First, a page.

Thanks, Amy. Looking forward to reading your contemporary, reality-based YA:)

How exciting, Holly, that you're almost ready to query! And thank you for your kind words.

Ah, Nicole, a woman after my own heart:)

Alex, good ideas. When I interview blogging agents, I ask the first question you mentioned, since I figure their blogs will already answer most of the usual questions. (You might check out Mandy Hubbard, Weronika Janczuk, and Kate Schafer Testerman's interviews to see their responses.) And I'm a statistics freak, too:) I did a long, dorky post on response times after I queried my last manuscript. Here's that link, if you're interested:

http://motherwrite.blogspot.com/2010/04/queries-darn-queries-and-statistics.html

Connie said...

I write YA and murder mysteries, but not YA murder mysteries. :)

Alex said...

Oh Wow thanks for sharing the stats I got mathwood....sorry...No! I won't apologize that was Awesome!

And thanks for pointing me to those interviews where you asked the query to manuscript question!

Perfect timing actually as Weronika is on my query list for if I receive a rejection from Mandy Hubbard at D4EO. I should have queried Weronika first but I was a little lax on my research of the agency. But I just got a rejection from Mandy today so timing she be perfect.

Cambria Dillon said...

Another Contemp YA writer here! I love your agent interviews and can't think of anything off the top of my head.

My purpose of leaving a comment was just to say congrats on the awesome feedback (and request, it seems!) from Ask Daphne! She just posted her About Query a few minutes ago and I recognized the query's premise from following your blog. Good luck!

Krista V. said...

Alex, good luck with your querying.

Cambria, I'd glad you like the interviews. And thanks for the congrats! I'd sort of been dreading seeing that post all day (my husband was actually the one who finally looked it up), so when it turned out so well, I let out a huge sigh of relief. (Good thing Ms. Testerman's not reading this comment, as it's riddled with adverbs and cliches:) )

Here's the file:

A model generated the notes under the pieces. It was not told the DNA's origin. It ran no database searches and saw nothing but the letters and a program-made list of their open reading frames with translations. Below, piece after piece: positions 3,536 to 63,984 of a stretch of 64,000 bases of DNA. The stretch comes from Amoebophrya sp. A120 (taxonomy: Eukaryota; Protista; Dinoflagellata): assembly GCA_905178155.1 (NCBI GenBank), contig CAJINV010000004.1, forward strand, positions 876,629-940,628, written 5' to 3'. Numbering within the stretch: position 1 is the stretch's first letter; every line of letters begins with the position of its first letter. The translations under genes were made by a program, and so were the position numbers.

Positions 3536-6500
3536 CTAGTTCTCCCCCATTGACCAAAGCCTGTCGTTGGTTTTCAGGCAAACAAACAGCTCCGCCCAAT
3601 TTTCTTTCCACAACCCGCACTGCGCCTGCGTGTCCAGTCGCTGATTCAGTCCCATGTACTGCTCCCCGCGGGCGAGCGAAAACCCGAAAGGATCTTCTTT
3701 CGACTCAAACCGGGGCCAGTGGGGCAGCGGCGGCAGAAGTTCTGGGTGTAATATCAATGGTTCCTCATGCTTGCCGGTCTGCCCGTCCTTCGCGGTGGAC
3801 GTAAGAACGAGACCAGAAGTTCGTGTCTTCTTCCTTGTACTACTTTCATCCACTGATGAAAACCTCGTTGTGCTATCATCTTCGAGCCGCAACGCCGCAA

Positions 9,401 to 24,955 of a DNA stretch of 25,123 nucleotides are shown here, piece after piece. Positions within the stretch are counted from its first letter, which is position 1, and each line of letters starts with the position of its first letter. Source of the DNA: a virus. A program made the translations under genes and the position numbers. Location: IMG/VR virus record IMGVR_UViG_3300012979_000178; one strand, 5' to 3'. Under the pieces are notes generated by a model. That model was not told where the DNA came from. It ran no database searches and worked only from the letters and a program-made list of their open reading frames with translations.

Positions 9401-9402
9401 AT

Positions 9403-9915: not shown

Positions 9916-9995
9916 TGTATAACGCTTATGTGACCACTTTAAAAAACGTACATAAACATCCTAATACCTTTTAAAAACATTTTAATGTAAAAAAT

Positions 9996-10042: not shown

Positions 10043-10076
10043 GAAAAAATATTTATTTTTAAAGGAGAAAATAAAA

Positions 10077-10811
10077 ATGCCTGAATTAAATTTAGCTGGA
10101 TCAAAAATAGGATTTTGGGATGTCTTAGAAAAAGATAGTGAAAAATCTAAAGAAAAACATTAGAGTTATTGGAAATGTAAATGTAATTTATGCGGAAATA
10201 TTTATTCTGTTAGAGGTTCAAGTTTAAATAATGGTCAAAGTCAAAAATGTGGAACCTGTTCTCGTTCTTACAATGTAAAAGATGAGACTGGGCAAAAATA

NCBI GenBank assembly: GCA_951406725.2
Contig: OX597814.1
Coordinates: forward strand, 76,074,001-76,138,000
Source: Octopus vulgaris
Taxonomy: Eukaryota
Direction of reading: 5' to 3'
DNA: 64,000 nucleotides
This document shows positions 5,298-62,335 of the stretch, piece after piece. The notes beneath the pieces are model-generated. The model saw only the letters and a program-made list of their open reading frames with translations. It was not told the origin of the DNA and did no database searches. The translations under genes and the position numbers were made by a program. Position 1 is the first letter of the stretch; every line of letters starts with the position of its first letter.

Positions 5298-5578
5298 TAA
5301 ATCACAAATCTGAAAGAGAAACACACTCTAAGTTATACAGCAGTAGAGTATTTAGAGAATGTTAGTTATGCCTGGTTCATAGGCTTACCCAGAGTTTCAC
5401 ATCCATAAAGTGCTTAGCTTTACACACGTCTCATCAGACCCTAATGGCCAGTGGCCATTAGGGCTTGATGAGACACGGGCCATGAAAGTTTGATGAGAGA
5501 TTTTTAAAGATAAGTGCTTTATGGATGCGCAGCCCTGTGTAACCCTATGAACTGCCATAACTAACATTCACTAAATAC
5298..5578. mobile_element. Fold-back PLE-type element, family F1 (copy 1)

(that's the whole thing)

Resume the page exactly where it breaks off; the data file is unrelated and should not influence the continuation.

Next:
empty refrigerator said...

I love your interviews - and entire blog - too. And I REALLY appreciate your asking about genre. There is SOOOOOOOOO much offered to aspiring YA writers these days - writeoncon, many of the querytracker and secret agent contests, kitlitchat on twitter, etc etc. I get that this is because YA is hot, and I get that this is also bec so many people are writing it. I also get that if we non-YA authors want something for us, we should be the ones to start that. I do get all that. But I don't have the capacity to start anything myself right now, maybe in the future but not now -- so as I said, I really appreciate your reaching out. I write women's fiction.

lotusgirl said...

YA Paranormal/Supernatural. I'd like to know how much experience the agents have and how editorial they are.

Krista V. said...

Connie, sorry for not responding to your earlier! Thanks for adding your genres to the mix.

Empty refrigerator, thanks for your kind note. I'll be on the lookout for more awesome women's fiction agents.

Lotusgirl, thanks for your genres and suggestions. I especially like the idea of asking how editorial they are. That's an important issue.

Esther Vanderlaan said...

A couple questions I would suggest: Have they written any books? and How do you become an agent?

You know, now I that seriously think about my questions, the second question is for anyone who knows? Oops :|